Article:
As memories of Spring Break fade and we head into the final stretch of winter term, it's a great time to think about student motivation. How effectively are your courses engaging your students and motivating them to learn? 

How Learning Works book cover

While it can sometimes feel that students simply choose to be engaged or apathetic for their own reasons, the research on motivation clearly indicates that instructor choices significantly affect students' investment in learning. And motivation plays a key role in how effectively students master course material. As Susan Ambrose and her co-authors argue in How Learning Works (Jossey-Bass, 2010), research shows that people are motivated to learn when they:

  1. See the value, either intrinsic or extrinsic, of learning the particular material or skills, and
  2. Believe they can succeed.

What teaching strategies do these motivational factors suggest? To help students appreciate the value of the learning goals in your course, you can: Read more »


Cooperative learning involves having students work together to maximize their own and one another’s learning (Johnson, Johnson & Smith, 1991). This page provides resources about cooperative learning, designing effective small group activities, and guidance for creating and sustaining effective student learning groups in engineering and lab courses.

Guidelines for Using Groups Effectively (pdf): This document provides advice and practical strategies for facilitating group work in the classroom, including a checklist for preparing, implementing, and debriefing group work.

CRLT Occasional Paper on Using Teams
This summary of the research covers topics such as designing effective team assignments, forming teams, and assessing student teams. The paper includes numerous examples from U-M faculty. While it is focused on STEM classrooms, the practical advice it contains is relevant to any instructor considering the use of groups or teams

CRLT Bibliography on Cooperative Learning, Group Work, and Teamwork
A comprehensive list of resources on the effectiveness of cooperative learning, group work, teamwork, and best practices. Many of the articles are available to U-M faculty and GSI Read more »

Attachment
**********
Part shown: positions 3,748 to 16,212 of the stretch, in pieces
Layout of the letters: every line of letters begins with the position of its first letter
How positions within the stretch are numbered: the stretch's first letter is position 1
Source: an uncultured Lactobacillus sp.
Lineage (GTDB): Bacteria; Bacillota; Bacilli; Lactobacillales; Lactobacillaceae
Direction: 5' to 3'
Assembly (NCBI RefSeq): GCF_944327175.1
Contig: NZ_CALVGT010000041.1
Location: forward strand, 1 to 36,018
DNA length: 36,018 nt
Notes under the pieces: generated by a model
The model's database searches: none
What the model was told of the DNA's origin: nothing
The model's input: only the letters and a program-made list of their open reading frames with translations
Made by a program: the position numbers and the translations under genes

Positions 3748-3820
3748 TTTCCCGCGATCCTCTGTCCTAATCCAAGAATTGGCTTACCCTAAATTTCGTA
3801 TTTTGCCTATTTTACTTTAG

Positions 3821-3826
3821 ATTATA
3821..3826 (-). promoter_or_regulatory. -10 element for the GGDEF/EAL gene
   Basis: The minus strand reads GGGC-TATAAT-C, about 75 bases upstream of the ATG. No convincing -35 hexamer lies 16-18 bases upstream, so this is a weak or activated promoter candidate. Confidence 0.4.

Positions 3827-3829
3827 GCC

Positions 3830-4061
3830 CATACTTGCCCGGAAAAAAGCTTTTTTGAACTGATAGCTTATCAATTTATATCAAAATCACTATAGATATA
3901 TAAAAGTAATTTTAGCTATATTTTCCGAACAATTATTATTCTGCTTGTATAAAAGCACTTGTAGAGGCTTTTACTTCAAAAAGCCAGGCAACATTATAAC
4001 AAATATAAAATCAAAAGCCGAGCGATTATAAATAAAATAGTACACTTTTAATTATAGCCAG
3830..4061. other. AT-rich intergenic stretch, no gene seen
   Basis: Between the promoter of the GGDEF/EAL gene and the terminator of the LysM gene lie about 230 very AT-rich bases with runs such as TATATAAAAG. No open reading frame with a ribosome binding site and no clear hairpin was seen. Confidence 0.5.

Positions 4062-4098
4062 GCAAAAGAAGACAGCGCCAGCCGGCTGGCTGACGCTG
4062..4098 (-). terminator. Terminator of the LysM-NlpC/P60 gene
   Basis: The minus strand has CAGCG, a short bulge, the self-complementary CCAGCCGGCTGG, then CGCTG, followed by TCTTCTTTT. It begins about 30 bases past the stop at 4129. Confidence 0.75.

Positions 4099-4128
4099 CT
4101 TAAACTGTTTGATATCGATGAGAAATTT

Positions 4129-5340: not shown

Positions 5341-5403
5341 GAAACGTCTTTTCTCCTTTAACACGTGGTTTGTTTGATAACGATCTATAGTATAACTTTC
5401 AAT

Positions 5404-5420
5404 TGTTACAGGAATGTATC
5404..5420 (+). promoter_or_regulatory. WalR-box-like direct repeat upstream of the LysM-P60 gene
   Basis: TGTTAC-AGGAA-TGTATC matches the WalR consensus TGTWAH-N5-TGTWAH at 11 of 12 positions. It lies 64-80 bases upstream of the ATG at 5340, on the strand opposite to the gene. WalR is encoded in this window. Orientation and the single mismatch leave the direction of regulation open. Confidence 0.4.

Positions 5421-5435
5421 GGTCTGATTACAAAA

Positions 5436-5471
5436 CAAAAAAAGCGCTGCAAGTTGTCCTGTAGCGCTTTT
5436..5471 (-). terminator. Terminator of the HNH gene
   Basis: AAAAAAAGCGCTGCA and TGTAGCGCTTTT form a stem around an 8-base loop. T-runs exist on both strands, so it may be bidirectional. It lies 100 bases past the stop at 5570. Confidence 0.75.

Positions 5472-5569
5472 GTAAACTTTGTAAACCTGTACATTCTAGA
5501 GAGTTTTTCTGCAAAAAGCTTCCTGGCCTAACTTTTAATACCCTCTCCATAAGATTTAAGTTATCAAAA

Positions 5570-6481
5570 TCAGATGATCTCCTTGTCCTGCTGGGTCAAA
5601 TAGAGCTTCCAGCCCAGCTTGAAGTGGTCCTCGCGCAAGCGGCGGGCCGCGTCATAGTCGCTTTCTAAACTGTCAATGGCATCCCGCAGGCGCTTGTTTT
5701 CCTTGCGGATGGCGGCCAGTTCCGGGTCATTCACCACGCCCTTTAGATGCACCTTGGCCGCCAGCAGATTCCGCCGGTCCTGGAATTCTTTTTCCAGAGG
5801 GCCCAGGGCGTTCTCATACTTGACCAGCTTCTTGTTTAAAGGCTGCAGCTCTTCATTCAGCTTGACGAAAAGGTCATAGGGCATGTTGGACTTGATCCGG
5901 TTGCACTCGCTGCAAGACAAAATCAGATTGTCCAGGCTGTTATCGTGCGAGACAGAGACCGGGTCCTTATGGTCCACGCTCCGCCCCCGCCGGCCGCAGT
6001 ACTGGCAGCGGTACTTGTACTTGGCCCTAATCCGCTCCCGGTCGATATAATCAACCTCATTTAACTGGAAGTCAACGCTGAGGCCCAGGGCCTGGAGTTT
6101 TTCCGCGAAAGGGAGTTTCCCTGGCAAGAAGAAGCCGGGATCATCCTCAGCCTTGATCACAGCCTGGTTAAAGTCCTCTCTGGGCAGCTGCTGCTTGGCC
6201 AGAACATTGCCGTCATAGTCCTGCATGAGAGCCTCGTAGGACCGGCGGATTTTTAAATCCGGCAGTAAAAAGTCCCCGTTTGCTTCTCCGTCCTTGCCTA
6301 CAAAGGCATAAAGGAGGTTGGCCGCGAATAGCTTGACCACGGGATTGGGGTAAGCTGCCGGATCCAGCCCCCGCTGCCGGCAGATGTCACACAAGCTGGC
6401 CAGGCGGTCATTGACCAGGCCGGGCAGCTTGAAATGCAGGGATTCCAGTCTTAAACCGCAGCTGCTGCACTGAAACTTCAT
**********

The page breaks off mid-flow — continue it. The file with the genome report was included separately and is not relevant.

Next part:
Testing and grading are important aspects of course design and implementation. Testing and grading are linked to the learning objectives of a course and provide ways of gauging student learning. The websites in this section address frequently asked questions about this topic, offer suggestions for constructing exams and test items, and describe measurement methods. (See also resources for giving feedback on student writing.)

Basics of Testing and Measurement

Grades at U-M
Explanation of grading policies and procedures specific to the University of Michigan, including the timeline for online grade submission and the process for changing grades after submission.

CRLT Occasional Paper #24: Best Practices for Designing and Grading Exams (Piontek, 2008)
This CRLT Occasional Paper provides an overview of the science of developing valid and reliable exams, especially multiple-choice and essay items. Additionally, the paper describes key issues related to grading: holistic and trait-analytic rubrics, and normative and criterion grading systems. Read more »


The resources in this section compare the two, complementary functions of evaluation. Formative evaluation is typically conducted during the development or improvement of a program or course. Summative evaluation involves making judgments about the efficacy of a program or course at its conclusion.

Formative vs. Summative Evaluation (Northern Arizona University)

Questions Frequently Asked About Student Rating Forms: Summary of Research Findings


Related topics under teaching strategies:

Evaluation of Student Learning, (Testing, Grading, and Feedback)

Scholarship of Teaching and Learning

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